We are approaching the 100th anniversary of the sinking of the Titanic. The tragedy provided material for many stories; perhaps you’ve seen a movie? There are also business and leadership lessons we can learn from that fateful night of April 15, 1912.
The Leader is Always Responsible - The maiden voyage of Titanic was Capt. EJ Smith’s retirement trip. His final duty was to steer the grandest ship ever built into New York Harbor. However, Capt. Smith took many safety issues and precautions for granted that trip. He ignored multiple iceberg warnings from crew and neighboring ships. He ignored safety concerns by pushing the ship to its limits the first time out in the attempt to reach New York two days ahead of schedule.
President Harry S Truman displayed a sign on his desk: The Buck Stops Here. He knew the responsibility assumed in a leadership position. The leader is responsible for everything the organization does – or fails to do. In a disaster, the captain goes down with the ship.
Bigger Does Not Mean Better – The bigger the organization, the more difficult it is to steer, direct, and change. In large organizations, policies and procedures may sometimes circumvent common sense. Titanic was such a large ship, it took nearly a minute to steer away from the iceberg, a fact which many believe was the biggest factor in its sinking. By slowly steering away, it allowed the iceberg to rip a large gash in the side of the ship.
Reevaluate Policies and Procedures – Titanic has been often accused of not having enough lifeboats aboard the ship, but that is somewhat misleading. According to regulations of the time, the number of lifeboats required onboard a ship was in direct proportion to the ship’s weight. However, the regulation stopped calculating at 10,000 tons, for a maximum of 16 lifeboats. Titanic, over 46,000 tons, carried exactly 16 lifeboats.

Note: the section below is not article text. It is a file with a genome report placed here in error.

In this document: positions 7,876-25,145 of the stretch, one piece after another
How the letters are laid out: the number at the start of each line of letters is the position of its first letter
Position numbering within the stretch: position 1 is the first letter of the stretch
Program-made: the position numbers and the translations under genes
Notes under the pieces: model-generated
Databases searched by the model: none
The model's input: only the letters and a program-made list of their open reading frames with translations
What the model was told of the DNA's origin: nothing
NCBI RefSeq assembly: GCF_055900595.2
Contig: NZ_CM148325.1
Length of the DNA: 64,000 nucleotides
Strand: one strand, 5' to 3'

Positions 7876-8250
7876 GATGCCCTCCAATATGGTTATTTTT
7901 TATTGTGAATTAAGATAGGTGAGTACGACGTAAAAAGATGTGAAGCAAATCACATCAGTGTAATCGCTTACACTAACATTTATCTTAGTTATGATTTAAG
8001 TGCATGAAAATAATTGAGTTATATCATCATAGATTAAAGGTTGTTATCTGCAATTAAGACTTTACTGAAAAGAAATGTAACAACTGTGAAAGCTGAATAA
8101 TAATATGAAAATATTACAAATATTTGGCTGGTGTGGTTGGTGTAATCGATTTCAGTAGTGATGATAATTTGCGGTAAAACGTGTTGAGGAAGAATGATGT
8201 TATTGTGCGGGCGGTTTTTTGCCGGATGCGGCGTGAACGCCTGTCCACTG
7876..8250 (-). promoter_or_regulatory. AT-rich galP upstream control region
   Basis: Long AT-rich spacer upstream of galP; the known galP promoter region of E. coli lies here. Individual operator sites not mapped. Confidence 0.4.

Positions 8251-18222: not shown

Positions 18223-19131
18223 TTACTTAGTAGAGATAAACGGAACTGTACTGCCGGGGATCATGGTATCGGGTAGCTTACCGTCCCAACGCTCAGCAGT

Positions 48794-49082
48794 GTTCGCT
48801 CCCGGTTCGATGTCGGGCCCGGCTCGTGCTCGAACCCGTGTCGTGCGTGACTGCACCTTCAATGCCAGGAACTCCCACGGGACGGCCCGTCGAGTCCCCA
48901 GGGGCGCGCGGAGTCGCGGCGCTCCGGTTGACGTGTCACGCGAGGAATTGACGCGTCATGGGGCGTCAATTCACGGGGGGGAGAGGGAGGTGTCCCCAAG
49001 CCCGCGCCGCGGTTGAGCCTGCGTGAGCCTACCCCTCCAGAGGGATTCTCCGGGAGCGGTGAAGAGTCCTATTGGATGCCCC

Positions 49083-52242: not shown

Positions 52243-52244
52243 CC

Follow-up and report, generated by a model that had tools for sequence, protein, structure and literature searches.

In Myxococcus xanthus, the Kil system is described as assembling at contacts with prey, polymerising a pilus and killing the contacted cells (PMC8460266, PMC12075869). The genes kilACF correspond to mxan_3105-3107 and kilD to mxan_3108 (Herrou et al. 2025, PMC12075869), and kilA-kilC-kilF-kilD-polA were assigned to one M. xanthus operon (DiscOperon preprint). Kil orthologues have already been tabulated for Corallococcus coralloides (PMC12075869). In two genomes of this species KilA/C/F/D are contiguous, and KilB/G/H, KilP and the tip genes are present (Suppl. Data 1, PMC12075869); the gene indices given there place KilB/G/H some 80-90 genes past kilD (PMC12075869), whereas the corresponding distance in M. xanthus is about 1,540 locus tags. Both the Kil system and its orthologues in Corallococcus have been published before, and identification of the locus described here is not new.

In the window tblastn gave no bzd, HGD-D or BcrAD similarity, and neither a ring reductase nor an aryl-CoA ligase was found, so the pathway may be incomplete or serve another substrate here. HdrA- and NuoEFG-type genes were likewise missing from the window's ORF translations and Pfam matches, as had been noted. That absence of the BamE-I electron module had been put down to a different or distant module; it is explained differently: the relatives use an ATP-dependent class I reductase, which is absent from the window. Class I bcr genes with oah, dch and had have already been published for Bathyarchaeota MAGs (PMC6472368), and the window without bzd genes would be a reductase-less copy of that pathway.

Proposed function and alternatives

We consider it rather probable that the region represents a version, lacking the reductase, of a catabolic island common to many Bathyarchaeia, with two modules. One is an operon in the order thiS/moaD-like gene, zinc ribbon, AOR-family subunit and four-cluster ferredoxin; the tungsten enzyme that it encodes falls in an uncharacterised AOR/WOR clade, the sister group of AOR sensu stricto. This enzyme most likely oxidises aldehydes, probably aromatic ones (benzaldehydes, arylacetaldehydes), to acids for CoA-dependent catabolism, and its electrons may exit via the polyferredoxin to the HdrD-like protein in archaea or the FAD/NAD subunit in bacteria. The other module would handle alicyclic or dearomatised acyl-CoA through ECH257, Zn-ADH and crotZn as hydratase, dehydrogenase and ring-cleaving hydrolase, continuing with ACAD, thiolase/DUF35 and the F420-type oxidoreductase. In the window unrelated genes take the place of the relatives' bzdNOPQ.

After Titanic sank, the regulations changed to calculate the number of lifeboats to the number of passengers aboard the ship. As a leader, you should routinely review and reevaluate the policies and procedures of your organization. Has there been a shift in company culture or focus which warrants change to policy? Just because things always worked a certain way does not mean it cannot be done more efficiently or successfully. Be proactive in looking for improvements instead of waiting for problems to occur.
Technology Cannot Replace Personal Intuition – Prior to Titanic’s voyage, Capt. Smith was quoted as saying “I cannot imagine any condition which would cause a ship to founder. Modern shipbuilding has gone beyond that.” Computers and other technology are an acceptable way of life. Modern technology allows us to perform our jobs easier, quicker, and more efficiently. However, people may rely too much on technology. Titanic’s new Marconi wireless telegraphy system may have been too cutting-edge to be effective. Neighboring ships were still relying on basic Morse Code, they didn’t know how to operate and receive the newer Marconi messages.
The best computer in your company cannot replace the life experiences of employees within the organization. Leaders have the responsibility to make difficult decisions all the time. Decisions are made based on an abundance of information, and modern technology makes obtaining that information quicker and easier than ever before. However, the final decision rests on how the leader interprets that information.
Importance of Proper Training – As the Titanic was sinking, crew members
struggled with releasing the lifeboats. There was no proper training on how to
utilize the lifeboats in the event of an emergency. Lifeboats that were
released were improperly loaded with too many or too few passengers, and only
one returned to attempt to recover more passengers.
Effective leaders understand the importance of a proper onboarding and training program. Employees are their company's greatest asset. As such, they should be afforded opportunities to be properly trained and develop their skills to be more productive and promotable. If we fail in preparing and developing our employees, we fail our customers and everyone else who depends on our business to succeed.
In : Leadership
Tags: titanic leadership lessons training